My children are my purpose and so even when I feel really poorly, they keep me going and give me a reason to get out of bed each morning. If it wasn’t for them, I don’t think I would cope as well as I do. Sometimes I feel so guilty because I can’t take care of them on my own if I’m poorly, and so I need a lot of help from my husband and my mum and I’m so thankful that I have that support network because some people aren’t so lucky.
I’ve lost count of the number of times someone has said, ‘I would never have guessed that you have Crohn’s disease.’ It’s a blessing in some ways as we can to an extent live what some would call a normal life and fit in with the rest of society. We can hide our illness often. However, when I feel so poorly and I need people to understand and, most importantly, take me seriously, it can be really challenging.
In general, society has always reacted well to me. Sometimes we should give people more credit as there are still some lovely and accepting people in the world. There will always be people who aren’t so kind, but I’ve developed a very thick skin over the years and I try to focus on people who support me. I just feel that society needs more education on invisible illnesses. I would love it to be introduced into education so that people with illnesses like mine can get the support and acceptance they need.
However, there are still people who like to tell me off for using a disabled toilet. I have my own toilet card and radar key and I have every right to use a disabled toilet. But because I don’t look disabled on the outside, people can be quite ignorant and quick to judge.
The one piece of advice I would give to anyone with a disability would be to always talk about it. I’ve held on to a lot of anger over the years and I didn’t start talking about my condition until I became an adult. Talking to someone you trust will help you to cope with the struggles and sadness a disease like this can bring, and remember it’s OK to have a good cry. Accept that it’ll always be a part of you, but it’s not who you are.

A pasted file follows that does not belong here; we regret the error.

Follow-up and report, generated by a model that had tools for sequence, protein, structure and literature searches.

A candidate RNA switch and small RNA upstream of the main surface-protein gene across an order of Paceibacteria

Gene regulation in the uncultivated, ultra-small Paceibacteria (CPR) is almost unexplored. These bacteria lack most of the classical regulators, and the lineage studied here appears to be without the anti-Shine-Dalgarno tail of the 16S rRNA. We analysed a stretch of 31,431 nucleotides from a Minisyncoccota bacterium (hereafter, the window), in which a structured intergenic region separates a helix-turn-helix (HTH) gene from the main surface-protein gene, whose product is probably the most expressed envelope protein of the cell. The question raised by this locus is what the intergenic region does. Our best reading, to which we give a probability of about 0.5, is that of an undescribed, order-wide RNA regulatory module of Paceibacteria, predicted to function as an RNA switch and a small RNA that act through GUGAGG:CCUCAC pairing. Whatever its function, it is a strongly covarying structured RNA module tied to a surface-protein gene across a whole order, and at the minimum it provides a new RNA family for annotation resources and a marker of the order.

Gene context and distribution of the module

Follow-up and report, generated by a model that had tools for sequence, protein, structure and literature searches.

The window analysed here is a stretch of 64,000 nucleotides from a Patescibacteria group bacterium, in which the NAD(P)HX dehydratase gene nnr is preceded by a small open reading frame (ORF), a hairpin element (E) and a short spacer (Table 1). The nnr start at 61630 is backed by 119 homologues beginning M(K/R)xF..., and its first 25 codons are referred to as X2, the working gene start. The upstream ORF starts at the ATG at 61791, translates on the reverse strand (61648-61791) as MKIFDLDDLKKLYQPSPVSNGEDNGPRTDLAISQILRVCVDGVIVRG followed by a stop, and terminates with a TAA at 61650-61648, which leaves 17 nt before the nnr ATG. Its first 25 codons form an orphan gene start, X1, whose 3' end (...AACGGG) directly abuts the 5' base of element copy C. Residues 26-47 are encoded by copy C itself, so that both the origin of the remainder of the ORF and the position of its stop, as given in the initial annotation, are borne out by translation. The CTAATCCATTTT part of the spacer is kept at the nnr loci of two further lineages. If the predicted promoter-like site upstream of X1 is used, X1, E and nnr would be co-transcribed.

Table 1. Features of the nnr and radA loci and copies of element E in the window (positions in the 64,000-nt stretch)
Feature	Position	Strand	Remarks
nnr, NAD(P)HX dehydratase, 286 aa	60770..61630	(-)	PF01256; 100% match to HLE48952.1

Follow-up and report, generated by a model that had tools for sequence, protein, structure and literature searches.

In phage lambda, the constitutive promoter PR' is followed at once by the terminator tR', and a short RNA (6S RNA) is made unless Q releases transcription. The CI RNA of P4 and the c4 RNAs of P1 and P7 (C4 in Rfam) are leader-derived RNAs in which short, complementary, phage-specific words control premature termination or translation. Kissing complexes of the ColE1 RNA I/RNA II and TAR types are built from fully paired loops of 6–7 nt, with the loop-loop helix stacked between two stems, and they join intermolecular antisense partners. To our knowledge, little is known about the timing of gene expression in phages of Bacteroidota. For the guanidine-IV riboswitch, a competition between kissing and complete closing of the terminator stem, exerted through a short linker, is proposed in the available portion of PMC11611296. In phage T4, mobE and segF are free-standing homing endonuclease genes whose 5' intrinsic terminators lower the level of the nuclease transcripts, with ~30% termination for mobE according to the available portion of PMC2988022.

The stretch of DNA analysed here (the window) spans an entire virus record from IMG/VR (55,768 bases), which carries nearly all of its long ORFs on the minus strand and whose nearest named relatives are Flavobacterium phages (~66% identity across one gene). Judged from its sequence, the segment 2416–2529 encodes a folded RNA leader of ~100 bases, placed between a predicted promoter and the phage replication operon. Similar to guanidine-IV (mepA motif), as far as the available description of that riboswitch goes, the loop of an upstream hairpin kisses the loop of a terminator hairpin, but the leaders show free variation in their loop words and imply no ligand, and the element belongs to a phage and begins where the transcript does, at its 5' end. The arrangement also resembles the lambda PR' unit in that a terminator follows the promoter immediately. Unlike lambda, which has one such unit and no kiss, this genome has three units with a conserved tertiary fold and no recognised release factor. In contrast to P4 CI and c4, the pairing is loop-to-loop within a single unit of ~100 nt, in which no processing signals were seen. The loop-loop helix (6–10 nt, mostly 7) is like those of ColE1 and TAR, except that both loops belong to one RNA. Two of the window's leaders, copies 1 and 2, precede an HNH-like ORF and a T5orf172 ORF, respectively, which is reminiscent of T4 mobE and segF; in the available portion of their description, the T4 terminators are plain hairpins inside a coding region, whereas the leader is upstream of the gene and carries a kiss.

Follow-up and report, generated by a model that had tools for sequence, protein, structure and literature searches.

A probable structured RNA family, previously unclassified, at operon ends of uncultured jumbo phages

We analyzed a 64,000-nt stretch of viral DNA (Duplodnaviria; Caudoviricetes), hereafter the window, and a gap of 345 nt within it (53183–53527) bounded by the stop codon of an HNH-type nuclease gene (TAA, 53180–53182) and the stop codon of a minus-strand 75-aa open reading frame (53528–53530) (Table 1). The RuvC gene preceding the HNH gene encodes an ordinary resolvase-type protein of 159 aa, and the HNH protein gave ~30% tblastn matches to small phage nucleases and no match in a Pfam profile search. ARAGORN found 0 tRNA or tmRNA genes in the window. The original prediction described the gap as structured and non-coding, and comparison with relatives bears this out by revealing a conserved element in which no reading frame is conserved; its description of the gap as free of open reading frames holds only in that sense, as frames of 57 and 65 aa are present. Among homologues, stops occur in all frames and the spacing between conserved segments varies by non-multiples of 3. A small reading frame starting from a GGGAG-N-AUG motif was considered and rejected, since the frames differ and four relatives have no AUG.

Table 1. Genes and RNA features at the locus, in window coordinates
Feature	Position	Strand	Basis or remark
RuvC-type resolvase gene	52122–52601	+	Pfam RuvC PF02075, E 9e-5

I’ve never felt that I have been treated differently, except that friends and family try to wrap me in cotton wool more than they would others.
I feel society needs a lot more education. Some people have heard of Crohn’s disease, but they thinks it’s IBS or they think it’s a condition where you just poo yourself. What people don’t understand is that it affects your whole body and it can even lead to certain cancers and organ failure. It’s a serious disease that needs more awareness and more understanding.
Experiencing the worst of my symptoms as a child was so scary, as my brain wasn’t mature enough to understand what was happening and I wasn’t able to cope with the emotions that came with it. Children especially need educating, so that they can help future understanding. This way more support can be provided.
My mental health has certainly suffered over the years. I suffer with bad anxiety as there have been times where I’ve not got to a toilet in time in public and so it’s made leaving the house difficult. There are days when I feel lots of different emotions, such as sadness, anger and bitterness, as I’ve always felt a little hard done by, and I’ll happily admit that. I cope so much better now, as I’ve learnt how to live with it, but I still have bad days.
By Emily Walters